For visitors longing for the laid-back Florida Keys ambiance, much of the charm is in small, eclectic lodgings with such alluring names as Rainbow Bend, Pines & Palms, Deer Run, Kona Kai and Lime Tree Bay.“A lot of people come to the Keys for a certain Keys vacation in mind: to stay at a mom-and-pop,” said Jodi Weinhofer, executive director of the Lodging Association of the Florida Keys. “They are places that don’t exist in other locations and are a huge part of what makes the Keys special.”

They also are places that have proven resilient through the past two years of global recession, a lingering cold spell during the 2010 high tourist season, the BP oil spill that kept visitors away in droves last summer and even ongoing sewer work along U.S. 1.“We’re here, but it has been a struggle,” said Linda Adams, who with her husband Dave, are entering their 22nd year as owners of the Rock Reef Resort with 21 units in Key Largo.

Small property owners did what they had to do to keep the lights on. Joe and Ronnie Harris, owners for the past 20 years of the South seas-style Kona Kai Resort, Gallery and Botanical Garden in Key Largo, didn’t take salaries for part of 2009. Jay Marzella, owner of the Parmers Resort on tranquil Little Torch Key for the past 12 years, was forced to cut staff from 25 to 15 people.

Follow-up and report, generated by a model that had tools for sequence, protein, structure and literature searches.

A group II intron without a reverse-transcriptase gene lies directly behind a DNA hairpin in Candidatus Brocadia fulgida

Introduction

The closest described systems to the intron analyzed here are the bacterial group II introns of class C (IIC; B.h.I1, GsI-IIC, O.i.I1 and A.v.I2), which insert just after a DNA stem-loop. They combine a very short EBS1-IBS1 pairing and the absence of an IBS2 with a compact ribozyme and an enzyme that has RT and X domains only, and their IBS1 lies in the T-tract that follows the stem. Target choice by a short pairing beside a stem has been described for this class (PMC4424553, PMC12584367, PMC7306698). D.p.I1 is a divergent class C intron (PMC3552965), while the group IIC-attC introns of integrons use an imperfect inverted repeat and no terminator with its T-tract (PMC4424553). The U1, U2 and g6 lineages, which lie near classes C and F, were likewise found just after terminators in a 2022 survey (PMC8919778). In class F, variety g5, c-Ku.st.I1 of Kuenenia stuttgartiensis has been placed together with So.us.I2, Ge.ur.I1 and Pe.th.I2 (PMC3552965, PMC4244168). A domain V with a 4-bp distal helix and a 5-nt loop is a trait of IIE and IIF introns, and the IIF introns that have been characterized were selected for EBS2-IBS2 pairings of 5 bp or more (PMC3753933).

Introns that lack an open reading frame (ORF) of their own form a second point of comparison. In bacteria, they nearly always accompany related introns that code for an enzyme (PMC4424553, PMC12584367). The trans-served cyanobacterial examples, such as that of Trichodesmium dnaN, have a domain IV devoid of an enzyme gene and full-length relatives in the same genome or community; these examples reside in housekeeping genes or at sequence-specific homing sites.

With advance reservations disappearing, most lodging places slashed rates to keep occupancy from plummeting. In 2007, occupancy rates for Keys motels, hotels and B&B’s outside of Key West were 61.9 percent with an average rate of $197.19 per room — for the approximately 60 percent of the lodging facilities that reported data, according to Smith Travel Research.In 2010, occupancy rates were exactly the same but the average room rate dropped nearly $40 a night to $158.35.

Jackie Harder, executive director of the Key Largo Chamber of Commerce, said she knows of no Key Largo lodging properties that have been unable to pay their mortgages and bills.“These small properties don’t have the same distribution channels as the flagship chains, but they have customers coming to their properties for 20 years who won’t stay anywhere else,” Weinhofer said. “That helps.

Source: Miami Herald